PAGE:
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Change of Status Process

The United States Change of Status Process - Checklist

Once you receive your I-20, you can start applying for the Change of Status to an F-1 student.  Here are the items you will need:

  • Form I-539 (Paper application only; if you apply online, complete Form I-539 information online)
  • $290 fee: check or money order payable to “U.S. Department of Homeland Security” (Paper application only; if you apply online, you will pay the fee online)

Copies of:

  • Your new I-20 indicating “Change of Status” in item #3, completed and signed. (You must request this new I-20 from the OIS via iStart!)
  • Your admission letter—from the Office of International Admissions.
  • Financial documents showing that funds are available to cover the expenses as listed on the I-20
  • Original I-94 card or photocopy of admission stamp and a paper printout of the I-94 record
  • Photocopy of the visa page and identification page in your passport
  • Documentation that proves that you have been maintaining your other visa status (examples will be provided by an OIS advisor)
  • Pay SEVIS Fee (one-time fee)
    • Go to
    • Complete Form I-901 (SEVIS fee) online (be sure to fill out your name exactly as it appears on your I-20).
    • Print a copy of the online receipt. (include this in your USCIS package)
  • Detailed letter requesting and explaining the need to change the status

Submit your application to U.S. Citizenship and Immigration Services (USCIS) one of two ways:

  • Apply online through the USCIS ELIS (USCIS Electronic Immigration System), you must scan and upload copies of the above documents to ELIS. You will complete Form I-539 information online and pay the application fee online.  (Recommended Method)
  • If you choose the paper application option, you can mail all of the above items by certified mail with return receipt requested to: 

For U.S. Postal Service deliveries:


P.O. Box 660166

Dallas, TX 75266

For Express mail and commercial courier deliveries:


ATTN: I-539

2501 S. State Highway 121 Business Ste 400

Lewisville, TX 75067

**You should make and keep photocopies of all the documents before mailing them**

Things to include in your letter explaining the need to change status:






Assessing your situation

The following questions are a guideline to help you decide if you should make extra efforts to prove your true intent to study in the U.S.:

  • What did you tell the consular officer was the purpose of your visit to the U.S.?
  • Upon entry to the U.S., what did you tell the immigration officer was the purpose of your visit?
  • How and when did you arrive at your decision to study in the U.S.?
  • How and when did you first contact the University, and when were you informed you had been admitted?
  • If prior to your entry into the U.S. your intention was to attend school, why didn't you apply for an F-1 student visa rather than your current visa?
  • Have you been in the U.S. before? When and for what purpose?
  • Any relatives in the U.S.? If so, what types of status are they here on?

The regulations prohibit beginning a full course of study until the change of status to F-1 is approved.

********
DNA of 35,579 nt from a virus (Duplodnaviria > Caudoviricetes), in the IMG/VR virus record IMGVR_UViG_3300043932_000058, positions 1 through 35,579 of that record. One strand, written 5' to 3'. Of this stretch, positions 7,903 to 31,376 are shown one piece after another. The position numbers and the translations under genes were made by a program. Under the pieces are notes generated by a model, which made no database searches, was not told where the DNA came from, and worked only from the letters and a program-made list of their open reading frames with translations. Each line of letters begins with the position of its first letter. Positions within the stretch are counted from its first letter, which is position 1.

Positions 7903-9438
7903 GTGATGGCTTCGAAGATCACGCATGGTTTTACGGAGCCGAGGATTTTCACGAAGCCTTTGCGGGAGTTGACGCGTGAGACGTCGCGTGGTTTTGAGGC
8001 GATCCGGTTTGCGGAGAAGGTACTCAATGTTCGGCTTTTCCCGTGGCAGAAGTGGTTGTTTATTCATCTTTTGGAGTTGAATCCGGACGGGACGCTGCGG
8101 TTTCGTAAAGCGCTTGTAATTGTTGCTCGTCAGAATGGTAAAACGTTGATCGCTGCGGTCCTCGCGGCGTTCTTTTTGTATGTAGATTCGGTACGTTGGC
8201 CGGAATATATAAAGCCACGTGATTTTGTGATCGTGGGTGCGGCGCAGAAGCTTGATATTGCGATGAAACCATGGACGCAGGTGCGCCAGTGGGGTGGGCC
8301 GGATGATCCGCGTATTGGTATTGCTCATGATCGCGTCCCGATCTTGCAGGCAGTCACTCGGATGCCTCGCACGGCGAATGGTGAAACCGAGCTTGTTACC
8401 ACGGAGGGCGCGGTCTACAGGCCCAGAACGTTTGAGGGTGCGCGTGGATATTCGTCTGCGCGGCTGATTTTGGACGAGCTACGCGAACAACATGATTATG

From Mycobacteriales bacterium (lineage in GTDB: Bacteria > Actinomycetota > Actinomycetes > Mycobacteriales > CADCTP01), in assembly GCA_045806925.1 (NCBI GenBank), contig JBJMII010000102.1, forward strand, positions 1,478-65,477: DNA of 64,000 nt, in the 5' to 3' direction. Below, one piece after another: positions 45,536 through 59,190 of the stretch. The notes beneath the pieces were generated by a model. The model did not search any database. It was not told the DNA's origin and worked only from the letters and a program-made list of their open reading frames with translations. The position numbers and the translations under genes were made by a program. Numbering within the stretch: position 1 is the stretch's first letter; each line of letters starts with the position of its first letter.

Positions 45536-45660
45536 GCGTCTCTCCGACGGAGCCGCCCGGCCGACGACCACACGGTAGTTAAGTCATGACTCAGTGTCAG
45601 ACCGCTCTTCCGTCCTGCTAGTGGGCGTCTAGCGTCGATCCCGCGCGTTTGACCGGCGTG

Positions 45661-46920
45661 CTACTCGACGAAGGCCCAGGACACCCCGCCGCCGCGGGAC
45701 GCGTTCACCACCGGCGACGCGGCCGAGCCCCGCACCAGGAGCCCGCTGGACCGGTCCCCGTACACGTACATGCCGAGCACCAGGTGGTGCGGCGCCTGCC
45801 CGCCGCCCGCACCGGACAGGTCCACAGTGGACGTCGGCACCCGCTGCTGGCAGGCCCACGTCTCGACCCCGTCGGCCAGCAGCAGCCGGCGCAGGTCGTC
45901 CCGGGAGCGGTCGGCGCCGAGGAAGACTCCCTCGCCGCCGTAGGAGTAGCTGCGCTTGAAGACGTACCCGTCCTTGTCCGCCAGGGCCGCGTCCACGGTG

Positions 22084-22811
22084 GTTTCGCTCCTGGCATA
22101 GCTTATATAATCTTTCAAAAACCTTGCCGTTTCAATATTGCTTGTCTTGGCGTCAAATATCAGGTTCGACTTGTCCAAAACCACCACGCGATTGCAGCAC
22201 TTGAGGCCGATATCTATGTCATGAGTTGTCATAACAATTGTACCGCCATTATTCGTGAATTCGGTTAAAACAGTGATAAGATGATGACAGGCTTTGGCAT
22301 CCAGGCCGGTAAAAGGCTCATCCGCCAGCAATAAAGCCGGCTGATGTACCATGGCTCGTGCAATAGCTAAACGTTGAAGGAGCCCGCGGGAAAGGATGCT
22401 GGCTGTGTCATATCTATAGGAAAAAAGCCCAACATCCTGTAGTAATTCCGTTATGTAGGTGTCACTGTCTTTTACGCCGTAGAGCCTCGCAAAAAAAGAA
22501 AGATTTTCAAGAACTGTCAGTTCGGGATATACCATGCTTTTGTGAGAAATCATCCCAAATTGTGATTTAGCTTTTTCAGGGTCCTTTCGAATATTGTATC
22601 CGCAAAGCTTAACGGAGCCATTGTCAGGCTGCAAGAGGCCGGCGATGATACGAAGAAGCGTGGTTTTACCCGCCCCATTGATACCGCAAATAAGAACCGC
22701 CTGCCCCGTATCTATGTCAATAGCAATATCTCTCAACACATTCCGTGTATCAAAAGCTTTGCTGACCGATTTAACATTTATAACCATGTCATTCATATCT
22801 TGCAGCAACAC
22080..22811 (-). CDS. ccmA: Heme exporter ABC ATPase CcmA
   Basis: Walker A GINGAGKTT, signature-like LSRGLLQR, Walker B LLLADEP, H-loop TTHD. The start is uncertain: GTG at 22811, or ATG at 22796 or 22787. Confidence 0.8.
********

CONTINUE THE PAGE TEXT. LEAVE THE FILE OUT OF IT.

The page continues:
F-1 status cannot begin earlier than 30 days before the start date on your I-20. You should submit your application several months in advance, and you must be able to maintain your current B-1/B-2 status until 30 days before the I-20 start date. If your tourist status will expire prior to 30 days before your I-20 start date, your application will most likely be denied. Even though you are allowed to stay in the U.S. while the application is pending, if your application is likely to be denied, it will be better for you to travel, obtain an F-1 visa abroad, and reenter the U.S. in F-1 status. 

If you have a B-1/B-2 Visitor visa with “prospective student” endorsement, you should have little difficulty changing to student status.  If you do not have this endorsement noted on your Visa, try your best to answer the above questions and include the information below.

Financial Relation

Proof of strong financial ties to your home country is a great indicator of “nonimmigrant intent”.  Note that you cannot use the same assets that will be used to pay for your F-1 or J-1 programs.

  • Suggestive documents to submit: Copies of investment statements, home country work contracts, home ownership documents.
Family Relation

If all members of your immediate family live in your home country, or if a member of your immediate family (in your home country) is not in good health, this is another reason to indicate that you might return to your home country.

  • Suggestive documents to submit: Copies of official documents providing family relationships, letters from physicians explaining any special medical condition of your family members.
Your Visa and Immigration History

If you have visited other countries and returned to your home country after those visits in a timely manner, you have demonstrated a pattern of obeying immigration regulations.  USCIS will be more likely to believe that you will return home after your study in the U.S.  The more trips you have made, the better your situation.

  • Suggestive documents to submit: Copies of current and past passports with visa, entry and exist stamps.

If you have additional questions or concerns regarding this process.  Please feel free to contact OISS for assistance.

Last updated: 09/24/2018